When people in the West think of yoga, they invariably think of asana, ie physical posture practice. This is indeed how most of us start with yoga: we go to a class (either real or on line), we watch a teacher lead us through instruction and demonstration into and out of various poses, some of which are easier than others. We are—sometimes, not always—encouraged to pay attention to our breathing at the beginning of the class and we end the class by lying flat on the floor for a few minutes with our eyes closed. Depending on the style of yoga, the postures can either be in a set sequence, they can be varied from class to class; there can be fewer postures held for longer, there can be a string of postures that flow from one to another. Sometimes the class is in a hot room, sometimes the class is outside; sometimes there’s music, sometimes not. There so many varied possibilities for the physical practice of yoga that some say we should more accurately refer to different yogas rather than just simply yoga.
People come to yoga for a wide variety of reasons—it could be to get fit, to lose weight, to calm down, because their friends are doing it, or (as in my case) after injury, or many other reasons besides. And depending on your reason, you will—through trial and error—gravitate toward the type of yoga that suits you. And of course the type of yoga that suits you can vary by the day, depending on your mood, energy levels, physical ability, time constraints, etc.
However there is more to yoga than just the physical practice, much more. And given this wide array of asana practice options I do sometimes worry that not enough attention is being paid to the other, arguably more important, aspects of yoga. We enjoy the postures without understanding where they come from and why we’re doing them. So what kind of true enjoyment is that?
Students of yoga can of course read the Yoga Sutras, the Upanishads, the Bhagavad Gita, the Yoga Vasistha, the Hatha Yoga Pradipika, the Shiva Samhita, the Gheranda Samhita and many other texts to try to understand what lies behind yoga. I highly recommend doing this if you have time and interest as yoga is a deeply complex and beautiful subject. But students who are looking for a bit of a shortcut should consider reading two recent short books that provide a good summary of what yoga is actually about. Radically Simple Yoga. For Now (David Dodd, 2016) and Greed, Sex, Intention: Living like a Yogi in the 21st Century (Hannah Whittingham and Marcus Veda, 2018).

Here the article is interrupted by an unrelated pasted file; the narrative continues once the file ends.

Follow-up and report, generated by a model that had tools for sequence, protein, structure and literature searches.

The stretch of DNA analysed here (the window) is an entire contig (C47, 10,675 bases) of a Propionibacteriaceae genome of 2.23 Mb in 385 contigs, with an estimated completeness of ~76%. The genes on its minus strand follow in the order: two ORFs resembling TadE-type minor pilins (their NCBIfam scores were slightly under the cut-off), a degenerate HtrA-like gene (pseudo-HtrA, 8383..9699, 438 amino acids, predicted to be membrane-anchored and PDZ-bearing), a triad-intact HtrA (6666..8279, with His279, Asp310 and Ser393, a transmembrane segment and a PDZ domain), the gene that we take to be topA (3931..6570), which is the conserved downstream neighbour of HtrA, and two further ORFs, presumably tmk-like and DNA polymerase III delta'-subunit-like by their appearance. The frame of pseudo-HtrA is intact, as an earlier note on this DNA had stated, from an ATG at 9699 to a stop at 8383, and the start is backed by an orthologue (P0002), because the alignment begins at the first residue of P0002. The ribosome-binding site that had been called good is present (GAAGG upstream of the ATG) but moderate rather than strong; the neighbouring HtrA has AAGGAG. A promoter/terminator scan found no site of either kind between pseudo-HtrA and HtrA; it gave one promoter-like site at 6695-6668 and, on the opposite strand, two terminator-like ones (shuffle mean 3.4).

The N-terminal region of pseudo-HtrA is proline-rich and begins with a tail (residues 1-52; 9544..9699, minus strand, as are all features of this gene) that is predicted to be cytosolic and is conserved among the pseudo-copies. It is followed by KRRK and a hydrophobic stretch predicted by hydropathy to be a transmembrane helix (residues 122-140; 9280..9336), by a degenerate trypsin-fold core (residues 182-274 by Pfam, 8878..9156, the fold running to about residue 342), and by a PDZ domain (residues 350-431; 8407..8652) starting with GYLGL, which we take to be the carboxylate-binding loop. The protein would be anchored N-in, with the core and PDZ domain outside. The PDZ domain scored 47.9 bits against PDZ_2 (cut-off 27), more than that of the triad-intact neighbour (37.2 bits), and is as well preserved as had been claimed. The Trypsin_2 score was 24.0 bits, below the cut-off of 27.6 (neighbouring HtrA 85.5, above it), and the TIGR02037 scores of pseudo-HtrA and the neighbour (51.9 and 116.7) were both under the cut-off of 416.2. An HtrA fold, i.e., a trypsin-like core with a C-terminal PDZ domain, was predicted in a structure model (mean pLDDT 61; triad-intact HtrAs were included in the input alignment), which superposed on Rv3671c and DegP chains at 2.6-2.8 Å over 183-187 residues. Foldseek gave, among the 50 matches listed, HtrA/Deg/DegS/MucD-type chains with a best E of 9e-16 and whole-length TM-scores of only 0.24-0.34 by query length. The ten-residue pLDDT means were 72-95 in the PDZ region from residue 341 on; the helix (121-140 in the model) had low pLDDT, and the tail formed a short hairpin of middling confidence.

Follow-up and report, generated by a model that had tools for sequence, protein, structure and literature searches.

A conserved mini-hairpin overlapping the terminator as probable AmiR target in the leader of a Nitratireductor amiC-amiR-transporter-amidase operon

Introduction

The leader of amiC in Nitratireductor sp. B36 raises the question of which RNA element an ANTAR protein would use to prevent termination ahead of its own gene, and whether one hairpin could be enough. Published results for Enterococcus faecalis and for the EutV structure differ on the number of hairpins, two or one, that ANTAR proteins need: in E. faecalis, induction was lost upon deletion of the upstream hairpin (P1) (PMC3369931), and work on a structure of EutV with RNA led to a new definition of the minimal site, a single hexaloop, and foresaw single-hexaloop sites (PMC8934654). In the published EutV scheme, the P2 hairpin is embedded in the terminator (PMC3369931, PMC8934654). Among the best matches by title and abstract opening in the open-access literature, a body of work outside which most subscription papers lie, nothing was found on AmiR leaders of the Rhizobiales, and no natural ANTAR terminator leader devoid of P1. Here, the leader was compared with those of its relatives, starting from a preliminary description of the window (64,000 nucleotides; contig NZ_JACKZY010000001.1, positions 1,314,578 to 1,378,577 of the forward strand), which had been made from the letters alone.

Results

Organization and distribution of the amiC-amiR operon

Radically Simple Yoga. For Now distils the philosophy found in the Yoga Sutras and the Bhagavad Gita in such a way as to bring the radical ideas of this ancient tradition vividly into the present. Yoga is not just something that stays on a mat, it is as Dodd puts it ‘an experiential philosophy’ that practitioners take out into the world. His text is densely packed with ideas and even occasional diagrams that really help some of the more abstract ideas in the Yoga Sutras to come alive. Although the book is short, it can take some time to absorb the deep concepts that are explored in the text, namely how the practice of yoga fosters and develops our self awareness, curiosity, acceptance, focus, purpose, spirituality and creativity both on and perhaps more importantly off the mat. The book encourages and inspires its readers to adopt an internal approach to the practice of yoga that will change their lives.
Greed, Sex, Intention: Living Like a Yogi in the 21st Century explores the yamas and niyamas, the dos and don’ts of personal conduct found in the Yoga Sutras. Each of the yamas and niyamas–non harming (ahimsa), truthfulness (satya), non stealing (asteya), chastity or fidelity (brahmacharya), non possessiveness (aparigraha), cleanliness (saucha), contentment (santosha), discipline (tapas), self-study (svadhyaya), surrender or acceptance (ishvara pranidhana)—is treated to an extended meditation by the authors who find various clever ways to show how each of these ancient ethical rules can inform our behaviours in the present day. The book is written in a very conversational and down-to-earth style even as it explores the moral dimension of yoga. At the end of each section, there is an example of how each principle is embodied (literally) through discussion of a single yoga posture. Ahimsa (non harming) in action is urdhva dhanurasana (wheel pose). The embodiment of santosha (contentment) is paschimottansana (deep forward fold). Etc. This linking of yama or niyama to asana is smart: after discussing how these rules are to be applied in wider life, the authors make sure to bring these rules to the mat.
Although most students come to yoga through their bodies, there is much in the tradition to occupy their minds. And indeed, the point of the asanas is to get the body ready for extended mental activity, namely meditation. However, asana practice is itself already a kind of meditation through movement. It fosters a sense of inner awareness and concentration that grows out of the experience of being in the postures. This inner awareness is something that can shape our own behaviour and the way we interact with the world.
Although yoga is made up of many different types of physical practice, the purpose and possibility of yoga remains the same. Next time you are on your mat, don’t just go through the motions. Practice by paying full attention to your experience in each moment. Over time you will transform your mind, your self, your actions, your habits and finally your life. This, in a nutshell, is what yoga is all about.